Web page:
An overview of how we made our packaging cheaper, aesthetic, and efficient


To improve bacterical cellulose (BC) production, we implemented a cost-efficient media, a co-culture system, and aesthetic designs. To bring down the costs of growth media for K. xylinus we used recycled fruit waste. Our co-culture used modeling and a three step culturing system to understand the dynamics of BC-producing bacteria, K. xylinus, and PHB&nisin-producing bacteria, E. coli. We also manipulated the pH of cabbage dye to give our packaging unique colours, and 3D printed molds to create box-like structures out of BC.

To ensure our proposed solution was effective and relevant to customer needs, our team employed an iterative human-centered design process:

  1. Understand the Problem: How can we optimize bacterial cellulose production?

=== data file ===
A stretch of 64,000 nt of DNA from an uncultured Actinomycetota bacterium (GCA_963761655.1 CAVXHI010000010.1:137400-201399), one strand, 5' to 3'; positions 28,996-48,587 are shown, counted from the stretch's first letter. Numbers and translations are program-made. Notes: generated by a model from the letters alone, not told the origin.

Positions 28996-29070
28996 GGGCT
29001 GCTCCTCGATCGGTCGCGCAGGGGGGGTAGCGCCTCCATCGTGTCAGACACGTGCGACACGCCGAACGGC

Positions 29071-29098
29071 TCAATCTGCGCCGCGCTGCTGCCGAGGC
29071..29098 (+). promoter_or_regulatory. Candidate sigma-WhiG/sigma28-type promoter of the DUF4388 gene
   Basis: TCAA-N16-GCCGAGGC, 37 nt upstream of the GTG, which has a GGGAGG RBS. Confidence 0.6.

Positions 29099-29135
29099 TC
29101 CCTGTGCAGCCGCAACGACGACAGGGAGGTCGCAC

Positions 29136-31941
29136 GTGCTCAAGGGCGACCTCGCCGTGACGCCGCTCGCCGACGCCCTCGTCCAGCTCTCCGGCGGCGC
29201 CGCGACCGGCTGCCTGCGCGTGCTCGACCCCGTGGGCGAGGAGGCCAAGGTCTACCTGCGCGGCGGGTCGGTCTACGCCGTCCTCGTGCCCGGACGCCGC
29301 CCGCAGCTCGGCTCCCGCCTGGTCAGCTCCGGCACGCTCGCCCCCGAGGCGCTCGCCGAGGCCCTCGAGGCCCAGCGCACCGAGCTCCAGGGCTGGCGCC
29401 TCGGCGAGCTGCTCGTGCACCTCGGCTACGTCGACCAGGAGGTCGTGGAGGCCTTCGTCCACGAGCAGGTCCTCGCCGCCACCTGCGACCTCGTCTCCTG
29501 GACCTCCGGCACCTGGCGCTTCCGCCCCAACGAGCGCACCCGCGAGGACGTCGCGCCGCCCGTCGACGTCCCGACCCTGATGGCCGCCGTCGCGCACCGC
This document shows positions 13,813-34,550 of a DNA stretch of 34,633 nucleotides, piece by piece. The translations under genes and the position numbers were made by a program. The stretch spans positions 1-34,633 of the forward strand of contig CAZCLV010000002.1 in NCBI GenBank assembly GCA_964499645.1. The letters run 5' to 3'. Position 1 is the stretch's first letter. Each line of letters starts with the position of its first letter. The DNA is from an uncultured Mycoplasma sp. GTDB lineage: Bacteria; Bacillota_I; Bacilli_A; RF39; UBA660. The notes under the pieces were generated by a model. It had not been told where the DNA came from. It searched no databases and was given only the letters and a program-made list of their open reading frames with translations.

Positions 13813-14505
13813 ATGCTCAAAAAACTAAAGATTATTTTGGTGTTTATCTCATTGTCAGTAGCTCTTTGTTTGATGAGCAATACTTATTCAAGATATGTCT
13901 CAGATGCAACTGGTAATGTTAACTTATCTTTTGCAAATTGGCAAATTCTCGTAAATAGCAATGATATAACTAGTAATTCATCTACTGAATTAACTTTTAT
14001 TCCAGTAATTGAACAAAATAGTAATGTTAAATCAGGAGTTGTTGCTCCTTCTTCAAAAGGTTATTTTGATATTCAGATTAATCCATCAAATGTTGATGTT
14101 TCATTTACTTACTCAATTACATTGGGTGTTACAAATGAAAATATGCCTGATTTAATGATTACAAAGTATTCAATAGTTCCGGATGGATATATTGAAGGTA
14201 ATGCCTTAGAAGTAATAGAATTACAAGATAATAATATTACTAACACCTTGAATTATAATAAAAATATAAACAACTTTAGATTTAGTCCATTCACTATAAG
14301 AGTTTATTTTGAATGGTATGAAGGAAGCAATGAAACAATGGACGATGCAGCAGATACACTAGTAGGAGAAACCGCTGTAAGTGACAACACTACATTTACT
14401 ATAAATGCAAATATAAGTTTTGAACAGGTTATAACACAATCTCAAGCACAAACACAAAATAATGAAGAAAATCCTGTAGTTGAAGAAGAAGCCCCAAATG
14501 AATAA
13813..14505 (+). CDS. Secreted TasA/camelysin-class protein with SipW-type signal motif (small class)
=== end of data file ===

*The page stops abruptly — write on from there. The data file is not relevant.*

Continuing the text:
2. Research and Ideate Solutions: Identify a way to reduce costs, incorporate color, ensure even distribution of our proteins, and 3D sculpt a box
  3. Design Solutions: Use fruit waste media, cabbage dye, a co-culture between E. coli and K. xylinus, and bioscultping
  4. Create and Test: Test ratios of different media, manipulate color with pH, perform a 3-step co-culture experiment, and create 3D printed designs for sculpting
  5. Evaluate: Use visuals such as change in color, and UV light to evaluate the production

The cycle of HP-informed iteration will continue as we further develop Cellucoat and explore further applications.